According to some experts, if you’re a fan of showers at extreme ends of the temperature spectrum, you may want to rethink the habit. Rachel Salas, MD, a sleep neurologist at the Johns Hopkins Center for Sleep and Wellness, told The Washington Post that taking a really hot or really cold shower before bed could lead to sleep problems, since "what you're doing is you're making your body's temperature so different from your baseline," she said. Salas recommends taking a more moderate temperature bath or shower if you're planning to head to bed soon after.
Extremely hot or cold showers are also not recommended if you have a heart condition. Research also shows that hot water may cause more dramatic changes to blood pressure in older adults.
So, which is it? Hot or cold for better sleep?
Like most things, it depends on you and your body. For the record, baths and showers work equally well. And author/podcaster/wellness guru Tim Ferris has had success with both.
The benefits of hydrotherapy have been known for centuries, since the ancient Greeks and then the Romans turned to thermal cures for their healing properties. So, experiment. Test out both cold and hot showers to see which one works best for you.
You likely can’t go wrong with a warm (or hot) shower about 90 minutes before bedtime. Plus, there’s more science to back up the positive effects of warm or hot baths or showers on sleep.
In terms of health benefits, taking a cold shower for up to 5 minutes 2 to 3 times per week has been shown to relieve symptoms of depression in one clinical trial. The cold water sends many electrical impulses to your brain and triggers the release of mood-boosting hormones including endorphins, which can elicit feelings of optimism, wellbeing, and feeling more in control. Something we could all use more of these days.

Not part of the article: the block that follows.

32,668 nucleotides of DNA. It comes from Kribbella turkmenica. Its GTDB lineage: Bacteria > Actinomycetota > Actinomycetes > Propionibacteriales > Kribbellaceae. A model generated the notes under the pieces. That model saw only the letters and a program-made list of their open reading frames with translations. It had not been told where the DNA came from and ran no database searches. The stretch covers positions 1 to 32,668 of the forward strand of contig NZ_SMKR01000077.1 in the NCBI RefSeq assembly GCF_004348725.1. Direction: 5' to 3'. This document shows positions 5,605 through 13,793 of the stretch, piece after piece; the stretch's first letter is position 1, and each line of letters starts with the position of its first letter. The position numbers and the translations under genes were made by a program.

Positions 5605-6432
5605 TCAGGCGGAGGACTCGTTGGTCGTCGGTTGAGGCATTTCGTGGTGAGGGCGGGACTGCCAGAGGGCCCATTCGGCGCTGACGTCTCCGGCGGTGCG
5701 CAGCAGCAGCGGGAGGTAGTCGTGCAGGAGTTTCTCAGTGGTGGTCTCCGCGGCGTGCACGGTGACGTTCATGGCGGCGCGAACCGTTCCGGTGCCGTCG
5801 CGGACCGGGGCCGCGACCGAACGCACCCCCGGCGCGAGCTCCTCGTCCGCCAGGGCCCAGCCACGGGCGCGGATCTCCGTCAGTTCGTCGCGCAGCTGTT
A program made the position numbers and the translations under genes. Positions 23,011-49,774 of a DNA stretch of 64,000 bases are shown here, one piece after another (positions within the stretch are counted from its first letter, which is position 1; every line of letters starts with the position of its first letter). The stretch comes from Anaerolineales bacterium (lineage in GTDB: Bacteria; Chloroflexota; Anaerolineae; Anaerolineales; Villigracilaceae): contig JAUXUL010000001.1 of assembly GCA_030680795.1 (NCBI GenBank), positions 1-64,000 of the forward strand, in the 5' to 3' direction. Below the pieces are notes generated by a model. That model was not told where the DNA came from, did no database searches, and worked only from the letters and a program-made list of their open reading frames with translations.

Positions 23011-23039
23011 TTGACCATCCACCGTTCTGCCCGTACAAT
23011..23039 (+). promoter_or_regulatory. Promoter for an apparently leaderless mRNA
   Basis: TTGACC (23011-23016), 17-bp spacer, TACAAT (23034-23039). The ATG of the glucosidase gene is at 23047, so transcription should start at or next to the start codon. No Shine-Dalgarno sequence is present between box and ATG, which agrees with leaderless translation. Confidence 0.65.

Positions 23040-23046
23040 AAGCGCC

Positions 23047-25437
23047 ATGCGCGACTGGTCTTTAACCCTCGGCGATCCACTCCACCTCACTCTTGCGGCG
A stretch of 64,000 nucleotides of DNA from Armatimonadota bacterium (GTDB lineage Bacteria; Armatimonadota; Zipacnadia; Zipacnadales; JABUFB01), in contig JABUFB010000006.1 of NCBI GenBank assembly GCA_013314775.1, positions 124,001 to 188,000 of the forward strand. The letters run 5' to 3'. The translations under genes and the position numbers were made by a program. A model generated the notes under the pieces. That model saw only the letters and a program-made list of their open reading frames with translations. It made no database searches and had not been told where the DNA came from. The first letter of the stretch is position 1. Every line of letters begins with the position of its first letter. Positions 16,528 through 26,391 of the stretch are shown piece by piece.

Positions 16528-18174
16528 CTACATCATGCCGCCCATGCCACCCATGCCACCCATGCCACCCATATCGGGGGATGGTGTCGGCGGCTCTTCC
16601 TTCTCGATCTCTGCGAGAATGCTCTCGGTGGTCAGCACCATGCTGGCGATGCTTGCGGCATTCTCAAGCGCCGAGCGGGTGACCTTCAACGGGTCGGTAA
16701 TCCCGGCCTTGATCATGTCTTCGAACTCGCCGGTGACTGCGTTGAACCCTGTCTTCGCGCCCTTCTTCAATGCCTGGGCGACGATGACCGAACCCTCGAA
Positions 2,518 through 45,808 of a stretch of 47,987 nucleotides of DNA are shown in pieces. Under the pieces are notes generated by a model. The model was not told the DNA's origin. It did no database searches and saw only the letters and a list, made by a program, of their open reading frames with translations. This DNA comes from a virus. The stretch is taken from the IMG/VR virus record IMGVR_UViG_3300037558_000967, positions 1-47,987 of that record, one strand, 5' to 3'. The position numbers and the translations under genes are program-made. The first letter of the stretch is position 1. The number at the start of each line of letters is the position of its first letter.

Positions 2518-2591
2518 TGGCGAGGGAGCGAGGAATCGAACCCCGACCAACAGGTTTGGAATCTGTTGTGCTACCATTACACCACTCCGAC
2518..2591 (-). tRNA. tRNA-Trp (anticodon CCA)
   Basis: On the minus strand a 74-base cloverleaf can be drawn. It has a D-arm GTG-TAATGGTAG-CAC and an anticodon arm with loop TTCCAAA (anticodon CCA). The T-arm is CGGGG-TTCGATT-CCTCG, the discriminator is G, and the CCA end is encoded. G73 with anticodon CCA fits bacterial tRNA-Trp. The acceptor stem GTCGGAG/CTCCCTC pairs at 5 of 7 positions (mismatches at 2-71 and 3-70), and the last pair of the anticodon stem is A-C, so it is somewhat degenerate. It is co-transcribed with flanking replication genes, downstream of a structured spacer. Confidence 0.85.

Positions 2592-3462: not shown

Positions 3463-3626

If you want to try a cold shower, start slow. Hof recommends you start with a warm shower and end with a few seconds of cold water, building up to a minute or more. Just don’t do it right after a meal, when your body is busy digesting your food.
Bottom line: There aren’t really studies comparing hot and cold showers head-to-head. Everyone has a different response to water temperature, so go with your personal preference. Whichever temperature you choose, taking an evening shower has many benefits … one of which is simply being clean when you get into bed.
If you're looking to see which one works best for you, we recommend that you experiment with both, using the Crescent mobile app. We've designed the Crescent app to help you learn how daily habits impact sleep & energy with personalized, science-based coaching, insights & programs.
If you're looking to build your ideal sleep routine for better sleep, you can sign up for the Crescent mobile app to unlock deeper insights into which habits are working best for improving your sleep and energy.